Kasia, I love this. And you start out with Dr. Mullins and nutrition, so you know as well as I do… When I see those oxalates on there, and I want to actually bring this point home because we’re so aligned, it’s not a problem with the dietary oxalates—that adds to the load, but that’s not your issue—it’s production from internal sources, like fungal [spores] or metabolites in mold. And you have to take care of the root. Oxalates are really good foods. They’re almonds, blueberries, and spinach. You take out those foods, and you’re losing nutrients. So I love this.
Dr. Kasia Kines 25:34
Thank you. That’s why I moved away from functional medicine because I really feel that it’s going into a rabbit hole. And really, common sense is being lost in practitioners. You have to really look at the whole picture.
Dr. Jill 25:55
Good for you. I couldn’t agree more. So let’s actually shift, then. You’ve got some science-based protocols that work. I’d love for you to share a little bit about how someone would go about the testing or say that they already know that they do have reactivation. What direction do you go once you find out you have reactivation as part of your clinical picture?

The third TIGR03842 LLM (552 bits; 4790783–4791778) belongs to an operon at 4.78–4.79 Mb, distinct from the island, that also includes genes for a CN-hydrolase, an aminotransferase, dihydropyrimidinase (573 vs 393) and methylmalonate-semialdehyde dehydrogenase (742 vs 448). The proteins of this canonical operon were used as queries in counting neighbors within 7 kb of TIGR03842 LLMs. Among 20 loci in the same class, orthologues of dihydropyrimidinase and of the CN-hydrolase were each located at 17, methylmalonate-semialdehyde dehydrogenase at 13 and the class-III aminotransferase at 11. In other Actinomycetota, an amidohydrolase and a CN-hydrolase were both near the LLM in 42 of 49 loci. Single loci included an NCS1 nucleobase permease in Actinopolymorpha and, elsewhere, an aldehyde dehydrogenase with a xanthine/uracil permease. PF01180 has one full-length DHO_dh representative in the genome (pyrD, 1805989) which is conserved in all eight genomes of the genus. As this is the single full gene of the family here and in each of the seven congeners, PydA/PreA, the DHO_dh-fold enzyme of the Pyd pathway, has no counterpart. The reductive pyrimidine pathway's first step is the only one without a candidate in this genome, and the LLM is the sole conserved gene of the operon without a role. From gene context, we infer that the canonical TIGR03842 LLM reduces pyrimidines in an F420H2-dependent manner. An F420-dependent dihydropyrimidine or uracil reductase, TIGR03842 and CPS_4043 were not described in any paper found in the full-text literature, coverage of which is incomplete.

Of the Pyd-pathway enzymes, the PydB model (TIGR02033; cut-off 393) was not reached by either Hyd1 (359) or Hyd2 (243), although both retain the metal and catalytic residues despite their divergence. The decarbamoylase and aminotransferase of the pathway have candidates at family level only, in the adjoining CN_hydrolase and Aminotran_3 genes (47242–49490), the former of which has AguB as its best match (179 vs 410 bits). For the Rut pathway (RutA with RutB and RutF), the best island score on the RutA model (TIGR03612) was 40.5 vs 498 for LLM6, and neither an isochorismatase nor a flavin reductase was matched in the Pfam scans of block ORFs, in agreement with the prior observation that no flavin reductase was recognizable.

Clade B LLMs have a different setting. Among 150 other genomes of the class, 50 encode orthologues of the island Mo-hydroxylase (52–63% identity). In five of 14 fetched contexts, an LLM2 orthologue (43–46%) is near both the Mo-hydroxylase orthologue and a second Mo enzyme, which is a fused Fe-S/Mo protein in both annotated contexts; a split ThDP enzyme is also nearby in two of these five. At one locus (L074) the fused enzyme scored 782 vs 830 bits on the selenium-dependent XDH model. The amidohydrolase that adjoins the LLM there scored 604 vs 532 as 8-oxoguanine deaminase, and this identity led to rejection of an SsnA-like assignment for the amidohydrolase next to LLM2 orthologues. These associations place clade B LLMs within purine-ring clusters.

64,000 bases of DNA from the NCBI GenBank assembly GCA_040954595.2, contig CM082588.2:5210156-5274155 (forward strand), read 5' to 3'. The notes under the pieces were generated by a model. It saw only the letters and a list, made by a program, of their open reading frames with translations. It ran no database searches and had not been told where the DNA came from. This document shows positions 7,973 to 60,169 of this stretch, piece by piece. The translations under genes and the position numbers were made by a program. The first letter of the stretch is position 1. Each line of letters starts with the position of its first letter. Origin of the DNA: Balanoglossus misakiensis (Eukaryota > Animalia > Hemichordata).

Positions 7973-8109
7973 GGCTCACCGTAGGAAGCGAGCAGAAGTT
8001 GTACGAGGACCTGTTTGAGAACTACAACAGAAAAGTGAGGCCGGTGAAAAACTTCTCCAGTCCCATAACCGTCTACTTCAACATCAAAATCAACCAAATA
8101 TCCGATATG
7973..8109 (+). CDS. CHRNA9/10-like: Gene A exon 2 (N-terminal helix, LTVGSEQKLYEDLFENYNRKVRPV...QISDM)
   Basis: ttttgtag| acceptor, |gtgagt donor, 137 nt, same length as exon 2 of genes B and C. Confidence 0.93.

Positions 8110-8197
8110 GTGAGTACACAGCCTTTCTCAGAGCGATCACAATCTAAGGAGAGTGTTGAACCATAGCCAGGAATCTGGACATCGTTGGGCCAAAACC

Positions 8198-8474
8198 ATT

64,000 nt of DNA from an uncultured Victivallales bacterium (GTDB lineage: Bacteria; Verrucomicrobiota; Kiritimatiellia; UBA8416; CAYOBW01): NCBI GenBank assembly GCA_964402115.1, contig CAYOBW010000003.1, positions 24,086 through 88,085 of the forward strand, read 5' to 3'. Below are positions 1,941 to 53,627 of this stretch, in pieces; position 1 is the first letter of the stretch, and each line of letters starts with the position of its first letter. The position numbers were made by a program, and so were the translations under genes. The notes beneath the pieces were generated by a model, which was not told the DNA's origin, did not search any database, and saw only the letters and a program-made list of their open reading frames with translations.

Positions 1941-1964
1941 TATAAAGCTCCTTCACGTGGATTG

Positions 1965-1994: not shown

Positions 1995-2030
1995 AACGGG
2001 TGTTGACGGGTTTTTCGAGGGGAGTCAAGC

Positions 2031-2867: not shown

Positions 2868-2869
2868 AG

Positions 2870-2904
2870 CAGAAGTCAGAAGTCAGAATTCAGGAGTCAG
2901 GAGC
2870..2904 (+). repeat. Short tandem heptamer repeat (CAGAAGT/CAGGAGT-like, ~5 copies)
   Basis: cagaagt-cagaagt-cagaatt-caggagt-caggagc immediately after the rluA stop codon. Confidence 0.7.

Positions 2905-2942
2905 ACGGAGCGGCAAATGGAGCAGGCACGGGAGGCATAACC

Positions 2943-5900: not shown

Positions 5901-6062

Dr. Kasia Kines 26:15
First of all, the supplement protocol doesn’t fix EBV. Everybody wants: “Give me some supplements, and I’ll be fine.” They will create a foundation. And then you really have to revisit what you’ve been doing, like with your life, with your thoughts, with your water, and with your food. Because EBV is a reflection of environmental toxins as well. You have to address all that. So I’ll tell you what I don’t do. We had that conversation about monolaurin—lauricidin. I don’t like to kill. You would have to go to Germany or Italy, have the whole blood removed, replace it, and come back home. Then you will get a blood transfusion and get infected again. We live with this virus. We cohabit. So don’t think about killing it and getting rid of it. It’s not going to happen. But what will happen is that it will create a lot of oxidative stress—free radical damage.